The 2016 presidential election was considered “a disappointing franchise entry” according to Forbes. One candidate was called a liar while the other was deemed a racist, and many believed neither should have been able to run for office.
While candidates for student elections at St. George’s will hopefully never be as notorious as the last presidential one, we lack a system to prevent the election of an official that does not represent our student body.
According to Allie Bice, a reporter for the State Press – Arizona State University’s student newspaper – elections for student leadership are a game of who knows whom.
“ASU student government elections are popularity contests,” Bice wrote. “They’re all about who knows whom, and the executive ticket with the biggest social circle typically wins.”
Popularity has been defined in many ways over the years, but no matter what definition is created, popularity’s influence on high school interactions always prevail. Thirteen-year-old Daniel Spilo, who was quoted in the New York Time’s article “Relationships; Popularity: Fears of an Adolescent” about the role popularity plays in schools, provides one interpretation.
”Popularity is similar to population. It means having a lot of friends,” Spilo said. ”It doesn’t have to be for the right reasons and most of the time it is not.”
Popular individuals are often influential in student elections: they know the most people and have a familiarity that makes listening to or voting for them easier.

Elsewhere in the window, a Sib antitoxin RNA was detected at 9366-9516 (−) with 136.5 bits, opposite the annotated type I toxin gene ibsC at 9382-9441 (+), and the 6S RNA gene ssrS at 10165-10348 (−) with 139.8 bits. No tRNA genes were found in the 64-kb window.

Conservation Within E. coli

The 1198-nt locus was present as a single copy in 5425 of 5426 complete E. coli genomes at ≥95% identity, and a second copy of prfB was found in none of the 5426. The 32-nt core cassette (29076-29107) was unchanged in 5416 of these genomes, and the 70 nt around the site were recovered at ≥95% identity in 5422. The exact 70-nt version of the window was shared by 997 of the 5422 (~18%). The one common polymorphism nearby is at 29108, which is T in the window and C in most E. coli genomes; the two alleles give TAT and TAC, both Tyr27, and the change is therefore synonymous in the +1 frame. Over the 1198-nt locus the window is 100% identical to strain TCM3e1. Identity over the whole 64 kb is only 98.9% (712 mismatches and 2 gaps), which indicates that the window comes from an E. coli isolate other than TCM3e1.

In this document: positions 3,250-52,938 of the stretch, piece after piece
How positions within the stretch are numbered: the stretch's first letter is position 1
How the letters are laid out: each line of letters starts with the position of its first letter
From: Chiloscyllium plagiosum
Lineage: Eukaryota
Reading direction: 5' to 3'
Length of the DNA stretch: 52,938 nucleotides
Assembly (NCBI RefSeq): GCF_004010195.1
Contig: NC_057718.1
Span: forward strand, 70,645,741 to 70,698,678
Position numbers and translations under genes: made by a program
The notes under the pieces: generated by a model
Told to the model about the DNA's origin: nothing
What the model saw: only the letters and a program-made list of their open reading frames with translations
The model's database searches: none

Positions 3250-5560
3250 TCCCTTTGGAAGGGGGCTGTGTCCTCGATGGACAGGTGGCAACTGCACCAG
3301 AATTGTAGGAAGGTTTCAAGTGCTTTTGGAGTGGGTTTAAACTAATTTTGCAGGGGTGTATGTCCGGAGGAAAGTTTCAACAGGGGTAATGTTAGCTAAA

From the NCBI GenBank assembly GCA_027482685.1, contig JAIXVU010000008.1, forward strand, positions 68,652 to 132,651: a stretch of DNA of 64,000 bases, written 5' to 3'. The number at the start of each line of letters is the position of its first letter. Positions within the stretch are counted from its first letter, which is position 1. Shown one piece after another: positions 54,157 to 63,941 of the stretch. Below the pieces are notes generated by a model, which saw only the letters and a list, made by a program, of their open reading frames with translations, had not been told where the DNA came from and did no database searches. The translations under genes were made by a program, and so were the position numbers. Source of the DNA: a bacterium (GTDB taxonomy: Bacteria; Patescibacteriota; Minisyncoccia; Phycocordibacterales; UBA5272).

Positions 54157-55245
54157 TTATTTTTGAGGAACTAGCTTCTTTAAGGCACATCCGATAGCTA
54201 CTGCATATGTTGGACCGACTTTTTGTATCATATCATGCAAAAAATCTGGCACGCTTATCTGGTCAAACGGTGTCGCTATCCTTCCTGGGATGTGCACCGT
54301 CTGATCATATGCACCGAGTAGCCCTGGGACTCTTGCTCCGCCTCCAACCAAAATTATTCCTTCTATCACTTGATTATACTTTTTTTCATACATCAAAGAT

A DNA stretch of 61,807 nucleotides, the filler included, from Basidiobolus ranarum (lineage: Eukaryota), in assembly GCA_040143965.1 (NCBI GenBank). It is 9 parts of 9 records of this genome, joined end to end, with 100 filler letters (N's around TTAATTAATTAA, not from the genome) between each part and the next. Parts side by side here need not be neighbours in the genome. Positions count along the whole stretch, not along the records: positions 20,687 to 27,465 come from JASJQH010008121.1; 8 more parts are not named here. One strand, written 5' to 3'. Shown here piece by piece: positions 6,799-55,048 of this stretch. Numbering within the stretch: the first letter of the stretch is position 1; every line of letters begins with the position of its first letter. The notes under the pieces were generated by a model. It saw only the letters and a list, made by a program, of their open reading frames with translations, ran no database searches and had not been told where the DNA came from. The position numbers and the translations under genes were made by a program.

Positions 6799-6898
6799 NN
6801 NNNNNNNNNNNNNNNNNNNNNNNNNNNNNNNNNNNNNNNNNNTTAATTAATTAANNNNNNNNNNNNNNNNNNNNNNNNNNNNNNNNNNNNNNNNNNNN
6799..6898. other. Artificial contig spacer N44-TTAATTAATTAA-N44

A major problem with voting by familiarity is that you are voting for a person based on who they are rather than what they hope to accomplish. Just because someone is a good person does not mean they are a great leader.
With the creation of a new student government election process this past school year, I believed St. George’s was creating requirements to run for student office. I myself completed the process, which included answering six questions and conducting an interview with current members of Student Government.
I was under the impression that the process would give students not considered to be a part of the “in crowd” a more equal chance at being elected and remove candidates from the ballot that were unfit to hold office due to Honor Code infractions, a lack of ideas or a lack of desire to actually hold the position they were running for.
However, candidates were not weeded out of the process. Maybe we were all qualified, but what if we weren’t?
To solve the issue of popularity in student elections, the administration simply needs to adjust the system already set in place. If an interviewee has been in front of the honor council within the past year or lacks credible plans or ideas to improve student life in the future, the administration should have the power to remove their name from the election ballot.
The administration also deserves the right to remove an individual from an elected student leadership position, such as student government, honor council or prefect, should they be called in front of the honor council or get in trouble with the law during their term.
If presidential candidates are required to fulfill specific requirements, student leaders must conform to certain standards of criteria as well.
Despite what some may believe, though, I am not bitter. I have never considered myself a part of the “in crowd,” and as a result, I entered the Student Government election with the assumption that I was going to lose. That is something no student should ever believe.
As country who just finished an election with “the worst nominees in 40 years” according to The Huffington Post, we must learn, even at the high school level, to vote for agendas and plans, not just for personalities.